Days after US regulators accepted a marketing application for its new cholesterol drug Cordaptive, Merck & Co has presented positive data on the compound which reveals its effectiveness in reducing facial flushing.

Results of a six-month study involving 1,613 patients were presented at the European Society of Cardiology meeting in Vienna, Austria, showed that Cordaptive (extended-release niacin/laropiprant) formerly known as MK-0524A, lowered ‘bad’ low-density lipoprotein cholesterol and triglyceride levels, and also increased cardioprotective ‘good’ high-density lipoprotein cholesterol levels, compared to placebo. Patients on Cordaptive reduced their LDL-c levels by 19% and raised HDL-c also by 19%, while 22% enjoyed reduced triglyceride levels.

However the main selling point for Cordaptive, if approved by the US Food and Drug Administration (possibly in the second quarter next year), will be the claim that it can reduce the side effects of facial flushing associated with current niacin treatment, ie Abbott Laboratories’ Niaspan. The study revealed that 69% of patients treated with one gram of Cordaptive reported either no or just mild flushing symptoms during the first week of treatment, compared to 44% of those who received Merck-developed extended-release niacin alone.

Also, 49% of the patients in the extended-release niacin group reported moderate or greater flushing symptoms during week one, compared to 27% on the combination. By week 24, the frequency of moderate or greater flushing was 0.7 days/week among those treated with two grams of extended-release niacin, versus 0.2 days/week for those on two grams of Cordaptive or a placebo. Importantly, more than twice as many patients on extended-release niacin discontinued treatment because of flushing than patients taking the new drug (22% versus 10%).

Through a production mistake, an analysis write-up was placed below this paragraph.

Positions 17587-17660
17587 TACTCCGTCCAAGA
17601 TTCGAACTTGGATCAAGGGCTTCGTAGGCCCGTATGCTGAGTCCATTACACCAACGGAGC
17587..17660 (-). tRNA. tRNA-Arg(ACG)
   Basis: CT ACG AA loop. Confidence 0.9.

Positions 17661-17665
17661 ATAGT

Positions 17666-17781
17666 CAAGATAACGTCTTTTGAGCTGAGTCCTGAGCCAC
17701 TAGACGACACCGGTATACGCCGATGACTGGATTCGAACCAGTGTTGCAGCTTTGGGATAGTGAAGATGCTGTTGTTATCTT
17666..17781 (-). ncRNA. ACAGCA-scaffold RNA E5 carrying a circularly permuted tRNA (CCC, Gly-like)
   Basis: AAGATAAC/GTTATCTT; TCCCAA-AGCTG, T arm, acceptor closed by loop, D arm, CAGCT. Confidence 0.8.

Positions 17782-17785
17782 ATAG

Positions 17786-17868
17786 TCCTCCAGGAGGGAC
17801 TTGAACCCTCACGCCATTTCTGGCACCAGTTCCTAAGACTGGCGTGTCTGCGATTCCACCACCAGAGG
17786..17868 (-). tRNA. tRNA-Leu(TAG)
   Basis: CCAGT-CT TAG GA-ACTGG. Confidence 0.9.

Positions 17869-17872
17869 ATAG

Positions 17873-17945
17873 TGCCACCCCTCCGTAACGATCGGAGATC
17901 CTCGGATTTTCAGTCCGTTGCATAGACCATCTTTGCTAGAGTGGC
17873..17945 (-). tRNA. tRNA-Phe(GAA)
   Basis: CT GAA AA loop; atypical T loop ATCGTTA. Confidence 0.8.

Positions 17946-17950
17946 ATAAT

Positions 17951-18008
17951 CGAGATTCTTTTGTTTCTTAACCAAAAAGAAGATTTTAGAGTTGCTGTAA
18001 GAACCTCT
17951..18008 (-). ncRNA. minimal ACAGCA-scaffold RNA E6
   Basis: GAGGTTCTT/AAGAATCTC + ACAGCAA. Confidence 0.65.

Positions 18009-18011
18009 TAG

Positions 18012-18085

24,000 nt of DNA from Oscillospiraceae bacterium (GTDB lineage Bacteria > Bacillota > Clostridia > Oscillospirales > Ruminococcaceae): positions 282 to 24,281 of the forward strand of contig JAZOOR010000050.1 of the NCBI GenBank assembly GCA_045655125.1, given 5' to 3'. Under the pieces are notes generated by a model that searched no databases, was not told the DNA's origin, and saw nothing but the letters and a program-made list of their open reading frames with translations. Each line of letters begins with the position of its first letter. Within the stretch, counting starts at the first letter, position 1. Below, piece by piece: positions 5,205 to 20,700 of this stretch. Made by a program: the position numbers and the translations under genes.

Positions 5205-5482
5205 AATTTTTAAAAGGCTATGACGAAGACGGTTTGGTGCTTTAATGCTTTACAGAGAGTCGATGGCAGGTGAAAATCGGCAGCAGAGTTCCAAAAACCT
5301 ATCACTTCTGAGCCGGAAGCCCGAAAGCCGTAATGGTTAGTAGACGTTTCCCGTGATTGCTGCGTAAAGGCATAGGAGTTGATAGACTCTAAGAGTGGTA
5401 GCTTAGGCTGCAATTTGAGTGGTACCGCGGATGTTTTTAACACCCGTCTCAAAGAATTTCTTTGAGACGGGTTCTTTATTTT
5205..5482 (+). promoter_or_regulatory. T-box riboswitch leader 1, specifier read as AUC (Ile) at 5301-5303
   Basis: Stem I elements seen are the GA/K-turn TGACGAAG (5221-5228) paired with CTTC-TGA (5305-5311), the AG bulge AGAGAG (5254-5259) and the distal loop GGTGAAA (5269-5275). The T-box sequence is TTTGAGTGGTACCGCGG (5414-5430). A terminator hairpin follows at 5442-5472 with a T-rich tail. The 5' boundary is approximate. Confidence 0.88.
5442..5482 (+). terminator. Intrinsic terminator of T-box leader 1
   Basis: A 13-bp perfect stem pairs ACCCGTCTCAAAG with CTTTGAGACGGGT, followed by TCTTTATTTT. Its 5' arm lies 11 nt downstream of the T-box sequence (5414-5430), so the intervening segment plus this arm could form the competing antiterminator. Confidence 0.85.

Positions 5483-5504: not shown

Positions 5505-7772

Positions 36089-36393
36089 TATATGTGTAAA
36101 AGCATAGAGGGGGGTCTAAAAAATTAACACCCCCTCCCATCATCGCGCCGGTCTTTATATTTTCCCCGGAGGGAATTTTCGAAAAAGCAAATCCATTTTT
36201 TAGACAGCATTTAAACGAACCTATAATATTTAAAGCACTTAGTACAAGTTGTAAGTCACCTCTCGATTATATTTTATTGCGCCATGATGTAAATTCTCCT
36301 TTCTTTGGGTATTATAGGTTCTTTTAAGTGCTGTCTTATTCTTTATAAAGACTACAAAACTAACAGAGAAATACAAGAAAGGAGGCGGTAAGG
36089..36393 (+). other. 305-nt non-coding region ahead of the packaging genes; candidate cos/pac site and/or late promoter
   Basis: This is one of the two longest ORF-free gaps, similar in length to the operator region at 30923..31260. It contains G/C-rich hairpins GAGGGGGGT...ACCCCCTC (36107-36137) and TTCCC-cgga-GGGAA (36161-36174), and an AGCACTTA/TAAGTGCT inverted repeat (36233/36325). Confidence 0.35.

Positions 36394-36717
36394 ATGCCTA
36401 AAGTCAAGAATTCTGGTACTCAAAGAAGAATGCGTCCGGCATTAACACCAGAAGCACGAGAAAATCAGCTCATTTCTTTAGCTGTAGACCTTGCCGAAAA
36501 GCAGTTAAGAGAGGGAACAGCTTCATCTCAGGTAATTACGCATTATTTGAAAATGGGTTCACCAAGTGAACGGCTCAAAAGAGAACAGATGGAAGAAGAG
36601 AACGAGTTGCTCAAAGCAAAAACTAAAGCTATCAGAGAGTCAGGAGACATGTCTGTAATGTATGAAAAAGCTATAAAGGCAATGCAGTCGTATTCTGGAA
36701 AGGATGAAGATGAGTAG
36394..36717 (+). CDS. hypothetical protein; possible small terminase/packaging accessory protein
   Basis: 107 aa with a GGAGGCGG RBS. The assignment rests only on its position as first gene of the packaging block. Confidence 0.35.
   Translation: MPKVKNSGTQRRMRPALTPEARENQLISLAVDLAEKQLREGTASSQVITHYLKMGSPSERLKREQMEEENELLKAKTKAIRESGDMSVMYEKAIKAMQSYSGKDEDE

Two-gram doses of niacin are typically used to boost HDL-c levels but the flushing factor means that the most common prescribed dose is only half a gram and its use has been limited. Abbott has argued that facial flushing is usually a temporary side effect which in most cases can be managed with aspirin, but other observers believe that a more tolerated version of niacin could become a major seller.

However there was a word of warning from Steven Nissen, chair of cardiology at the Cleveland Clinic in Ohio, who noted that in the study Cordaptive did not totally eliminate flushing and there was limited safety evidence about the possible long-term side effects from laropiprant, which is a selective prostaglandin D receptor antagonist.

Isentress review expected to be positive

Meantime, Merck is also hoping for some more good news later this week as an FDA advisory committee will be reviewing the New Jersey-based firm’s investigational HIV treatment Isentress (raltegravir).

The firm’s enthusiasm is due to the fact that staff have posted documents on the agency’s website saying that Phase II and III trial data provide evidence that the antiviral activity of Isentress “is superior to optimised background therapy in treatment-experience patients with few or no remaining treatment options.” There were a higher number of cancers seen in patients receiving the drug, but the FDA staff notes suggest that the imbalance may reflect the low rate of cancers in those on placebo.

If approved, the product would be the first in a new class of antiretrovirals called integrase inhibitors to hit the market and analysts are predicting peak sales of over $1 billion.